Naoshima Island: An Art Lover’s Dreamscape in Japan’s Hidden Art Archipelago

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Quietly nestled among 3,000 uninhabited islands in the Seto Inland Sea, Naoshima Island has long been a treasured hidden gem among art connoisseurs. Billionaire Soichiro Fukutake consulted with Pritzker Prize-winning architect Tadao Ando to transform this remote island into a one-of-a-kind contemporary art paradise that boasts an array of cutting-edge museums, installations and architecture. Ando’s concrete complex forms a harmony with the island’s natural landscapes to encapsulate the concept 'coexistence of nature, art and architecture.'

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Naoshima Island: An Art Lover’s Dreamscape in Japan’s Hidden Art Archipelago:table of contents

Benesse House

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Benesse House Site is the main attraction that is central to the heart of Naoshima Island. The Ando designed establishment fully comprises of a hotel, museum, oval, park and beach. Pieces from world-renowned artists such as Claude Monet, James Turrell, Walter De Maria, Jean-Michel Basquiat to name a few are up on display inside the museums. Visitors have the liberty to explore hundreds of contemporary art in a picturesque setting, most notably Yayoi Kusama’s Yellow Pumpkin that overlooks the enchanting blue sea. To stay a night in this artistic landmark, guests will have to spend at a starting price of 47,000 yen.

Chichu Art Museum

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As part of a museum that makes up the greater Benesse site, Chichu Museum that was also designed by Ando also exhibits world-class installations. One of it being the Open Sky (2004) by James Turrell that was representative series portraying the pinnacle of his art career throughout the years. If you are lucky, you might witness a one-of-a-kind special sunset viewing night program. Private tours are available for visitors upon prior request.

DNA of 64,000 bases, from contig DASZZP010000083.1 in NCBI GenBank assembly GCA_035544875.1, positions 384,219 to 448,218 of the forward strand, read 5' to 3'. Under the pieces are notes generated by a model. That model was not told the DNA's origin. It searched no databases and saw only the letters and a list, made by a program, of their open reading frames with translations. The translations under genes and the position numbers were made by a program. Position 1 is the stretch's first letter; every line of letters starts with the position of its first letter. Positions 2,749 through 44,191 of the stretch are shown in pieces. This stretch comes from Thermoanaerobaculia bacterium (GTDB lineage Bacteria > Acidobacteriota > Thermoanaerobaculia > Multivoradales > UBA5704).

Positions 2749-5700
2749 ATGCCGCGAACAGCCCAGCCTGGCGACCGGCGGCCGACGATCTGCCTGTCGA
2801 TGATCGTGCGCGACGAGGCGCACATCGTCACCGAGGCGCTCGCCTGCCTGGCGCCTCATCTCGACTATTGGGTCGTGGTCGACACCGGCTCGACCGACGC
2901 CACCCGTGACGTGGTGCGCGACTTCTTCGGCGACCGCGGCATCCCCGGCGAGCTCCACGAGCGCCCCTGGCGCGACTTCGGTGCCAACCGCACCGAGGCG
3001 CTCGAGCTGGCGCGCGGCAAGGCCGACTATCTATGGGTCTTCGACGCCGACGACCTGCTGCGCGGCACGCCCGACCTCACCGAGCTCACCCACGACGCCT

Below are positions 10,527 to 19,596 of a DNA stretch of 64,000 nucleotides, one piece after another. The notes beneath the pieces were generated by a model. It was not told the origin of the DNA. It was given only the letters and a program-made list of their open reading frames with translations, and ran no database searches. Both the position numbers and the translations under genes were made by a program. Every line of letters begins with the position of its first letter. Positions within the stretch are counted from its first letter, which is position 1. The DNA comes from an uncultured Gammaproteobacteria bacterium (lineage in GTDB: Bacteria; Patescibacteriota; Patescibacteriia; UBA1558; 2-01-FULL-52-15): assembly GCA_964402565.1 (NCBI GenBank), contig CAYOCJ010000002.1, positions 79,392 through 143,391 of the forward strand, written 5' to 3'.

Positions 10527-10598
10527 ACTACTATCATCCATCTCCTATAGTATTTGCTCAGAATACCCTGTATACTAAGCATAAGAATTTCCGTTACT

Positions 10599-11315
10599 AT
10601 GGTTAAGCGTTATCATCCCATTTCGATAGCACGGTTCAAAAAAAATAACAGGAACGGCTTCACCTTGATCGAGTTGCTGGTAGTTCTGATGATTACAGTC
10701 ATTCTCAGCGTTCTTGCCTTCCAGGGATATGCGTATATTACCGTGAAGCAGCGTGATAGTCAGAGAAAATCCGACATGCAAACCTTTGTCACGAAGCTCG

Naoshima Bath (I Heart Yu)

After spending the day wandering around through various hotspots in Naoshima, end your day in the perfect way by relaxing and unwinding in the I Heart Yu bath house. Onsens are rooted deeply into Japanese culture and artist Shinro Ohtake reinvents them into an artistic and surreal bathing site. Playful murals are installed within their vibrant walls to ensure a one-of-a-kind experience.

Neighboring Art Islands: Teshima and Inujima

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If the incredible art attractions in Naoshima aren't enough already, the neighboring islands of Teshima and Inujima that form part of the greater Benesse Art Site are also hotspots you shouldn’t miss out on while traveling around this archipelago. With just a single ferry ride, travelers can explore the extensive art archipelagos comprising of more breathtaking museums and installations. One of the highlights to visit while in Teshima is the iconic open roof that resembles a water droplet inside the Teshima Art Museum, designed by architect Ryue Nishizawa.

The architecture found around these islands coexist with the lush natural surroundings and calm waters of the Seto Inland Sea. In addition, the neighboring Inujima Island is also well worth checking out to discover more art and cultural museums. Inujima Seirensho Art Museum is formed after the ruins of a former copper refinery. Not to mention the various fascinating permanent installations in Inujima's 'Art House Project' that feature prominent artists such as Olafur Eliasson.

Setouchi Triennale Art Festival

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If you're already planning to pay a visit to Naoshima Island, this year is the perfect chance as it coincides with the Setouchi Triennale Art Festival that is held every three years. The 2019 festival takes the theme of 'Restoration of the Sea' and aims to revitalize the island communities through exhibiting artworks that highlight culture, history and sustainability. The regular Triennale passport is priced at 4,000 yen where viewers can fully immerse in the endless artwork and facilities across the islands.

Conclusion

Naoshima is not your average paradise getaway because beyond its sparkling sand and crystal blue waters, it's a space that merges dreams and reality - a surreal sight for any art enthusiasts and definitely a must-visit destination for any traveler.

Access to Naoshima is around 1 hour and 20 minutes from Tokyo by plane to Takamatsu or Okayama Airport with an additional ferry ride that is available via multiple ports.

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